That Weight You Feel? It’s Grief.

The world is upside down right now. It’s a time like no other. Some of us saw what was happening in China and knew it’d be like this in the States eventually. Others of us were hoping that it wasn’t as big of a deal as the media was making it out to be. And still others of us figured it was coming but didn’t think it would affect ALL of us and every part of our lives in the way it has. 

The first dominos were tipped, and the falling effect continues three weeks later. Schools are no longer just extending Spring Breaks, sports and extracurriculars are gone, Prom and Commencements are cancelled and for many they won’t report to their school building until the beginning of their next grade.  

Not just schools, but also professional sports; first the NBA, then NHL, March Madness, MLB they all suspended their seasons, then cancelled their events. Unprecedently, the Olympics will now be hosted on an off year. 

And in the midst of it all, moms and dads are scrambling to figure out how to work from home—if they’re not essential; how to keep their families safe from contracting Coronavirus if they ARE essential, and oh yeah, throw in a little home-school too. 

Speaking of home-school, even a brief scroll down on social media and you’re seeing EVERYONE’S highlight reel on steroids. Half of your friends discovered their Pinterest Homeschool Talents seemingly overnight. The other half were happy to have enough WIFI data for the kids to entertain themselves on their tablets for most of the morning. The fear that maybe the problem isn’t your child’s teacher after all wasn’t a thought you could allow yourself to dwell on for too long.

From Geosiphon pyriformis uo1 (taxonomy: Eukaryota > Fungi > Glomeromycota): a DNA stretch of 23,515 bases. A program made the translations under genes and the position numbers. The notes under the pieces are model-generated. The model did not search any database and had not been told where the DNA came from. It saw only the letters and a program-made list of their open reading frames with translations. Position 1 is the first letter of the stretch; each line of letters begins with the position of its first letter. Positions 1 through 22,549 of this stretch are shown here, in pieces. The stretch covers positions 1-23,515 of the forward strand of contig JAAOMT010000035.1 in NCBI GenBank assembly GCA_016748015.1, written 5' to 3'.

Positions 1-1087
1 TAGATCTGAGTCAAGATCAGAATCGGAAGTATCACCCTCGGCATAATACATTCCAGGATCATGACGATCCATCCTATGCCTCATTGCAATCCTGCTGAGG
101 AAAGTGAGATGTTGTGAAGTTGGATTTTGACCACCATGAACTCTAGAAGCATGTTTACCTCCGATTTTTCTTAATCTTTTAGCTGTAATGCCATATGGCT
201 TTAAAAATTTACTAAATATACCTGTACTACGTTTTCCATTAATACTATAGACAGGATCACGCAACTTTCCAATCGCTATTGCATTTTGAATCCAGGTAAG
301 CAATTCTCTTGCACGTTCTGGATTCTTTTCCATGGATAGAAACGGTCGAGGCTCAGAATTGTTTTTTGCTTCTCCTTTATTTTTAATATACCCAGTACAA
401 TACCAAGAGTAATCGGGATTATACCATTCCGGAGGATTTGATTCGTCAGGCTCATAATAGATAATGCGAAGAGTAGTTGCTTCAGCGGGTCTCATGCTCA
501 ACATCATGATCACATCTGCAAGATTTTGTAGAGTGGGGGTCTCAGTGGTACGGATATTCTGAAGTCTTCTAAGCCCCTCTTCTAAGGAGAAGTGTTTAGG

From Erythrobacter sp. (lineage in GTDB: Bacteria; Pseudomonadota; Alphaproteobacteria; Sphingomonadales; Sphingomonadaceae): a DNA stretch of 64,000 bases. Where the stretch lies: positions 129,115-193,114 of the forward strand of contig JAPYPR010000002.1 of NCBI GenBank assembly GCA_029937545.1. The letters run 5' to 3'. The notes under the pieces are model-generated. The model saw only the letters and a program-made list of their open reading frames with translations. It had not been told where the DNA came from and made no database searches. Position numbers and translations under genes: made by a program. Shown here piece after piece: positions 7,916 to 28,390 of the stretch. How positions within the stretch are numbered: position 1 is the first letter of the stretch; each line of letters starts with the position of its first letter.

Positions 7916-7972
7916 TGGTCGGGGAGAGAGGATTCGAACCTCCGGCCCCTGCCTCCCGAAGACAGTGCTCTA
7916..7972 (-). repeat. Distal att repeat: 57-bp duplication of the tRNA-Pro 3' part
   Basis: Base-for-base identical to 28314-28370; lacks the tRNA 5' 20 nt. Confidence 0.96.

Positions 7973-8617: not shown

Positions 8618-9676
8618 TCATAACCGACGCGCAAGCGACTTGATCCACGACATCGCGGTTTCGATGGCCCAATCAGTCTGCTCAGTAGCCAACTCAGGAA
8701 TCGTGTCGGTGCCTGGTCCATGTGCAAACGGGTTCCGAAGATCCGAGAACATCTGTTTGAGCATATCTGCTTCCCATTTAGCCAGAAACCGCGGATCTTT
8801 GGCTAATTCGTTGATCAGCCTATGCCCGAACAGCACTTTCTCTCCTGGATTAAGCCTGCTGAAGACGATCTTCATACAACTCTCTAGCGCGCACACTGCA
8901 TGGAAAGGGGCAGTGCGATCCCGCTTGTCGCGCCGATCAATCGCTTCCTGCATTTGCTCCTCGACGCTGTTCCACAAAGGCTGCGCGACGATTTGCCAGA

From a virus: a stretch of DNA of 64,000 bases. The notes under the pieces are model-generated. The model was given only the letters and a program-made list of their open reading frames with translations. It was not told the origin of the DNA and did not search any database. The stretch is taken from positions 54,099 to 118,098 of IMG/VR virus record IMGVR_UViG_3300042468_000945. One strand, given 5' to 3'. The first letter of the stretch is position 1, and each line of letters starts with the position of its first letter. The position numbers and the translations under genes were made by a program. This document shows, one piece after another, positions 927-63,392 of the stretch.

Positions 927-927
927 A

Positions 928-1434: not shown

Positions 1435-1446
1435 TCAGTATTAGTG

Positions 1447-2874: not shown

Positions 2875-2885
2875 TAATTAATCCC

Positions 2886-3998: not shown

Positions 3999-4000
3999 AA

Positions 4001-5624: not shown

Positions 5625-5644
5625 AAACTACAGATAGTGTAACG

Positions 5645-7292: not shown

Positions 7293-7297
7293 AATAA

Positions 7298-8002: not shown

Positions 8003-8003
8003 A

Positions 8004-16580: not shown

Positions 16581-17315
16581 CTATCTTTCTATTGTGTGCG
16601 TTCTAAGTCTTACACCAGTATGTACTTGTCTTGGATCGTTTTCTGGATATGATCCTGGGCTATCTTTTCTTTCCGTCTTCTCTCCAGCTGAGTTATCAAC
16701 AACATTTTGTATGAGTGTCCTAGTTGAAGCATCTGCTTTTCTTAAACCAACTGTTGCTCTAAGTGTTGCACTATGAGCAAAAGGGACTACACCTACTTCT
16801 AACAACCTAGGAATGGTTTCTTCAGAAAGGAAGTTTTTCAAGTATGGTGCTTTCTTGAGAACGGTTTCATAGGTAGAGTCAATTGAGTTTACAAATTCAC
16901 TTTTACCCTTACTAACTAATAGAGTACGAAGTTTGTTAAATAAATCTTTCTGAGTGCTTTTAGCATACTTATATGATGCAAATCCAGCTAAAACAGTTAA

Oh yeah…the kids…and ALL of their emotions too. Their disappointment that their games and teams are cancelled, they can’t see their friends, their NEW teacher doesn’t explain Math as good as their REAL teacher, and suddenly the 6th grade track day (that you never even heard about until now) was the event they had been waiting for, their entire elementary school career!

Are you stressed out just reading the highlights?

Add an additional layer of stress for being parents of kids with special needs; having a job in the healthcare industry; being dangerously low on toilet paper; being laid off or having your job terminated; experiencing a medical emergency unrelated to coronavirus and replacing your weekly grocery store trip with daily trips because today might be the day that you are lucky enough find a loaf of bread for your family of five.

And although our families are “safe” and coronavirus free and we’re following all the safety guidelines as best as possible, we go to bed each night with a pit of despair, smothered with uncertainty in our stomach and wake up each morning asking ourselves if yesterday was just a bad dream after all.

Somebody, pinch me!

Nobody has experience with this. There’s no manual. And this is hard. Harder than any of us could’ve imagined.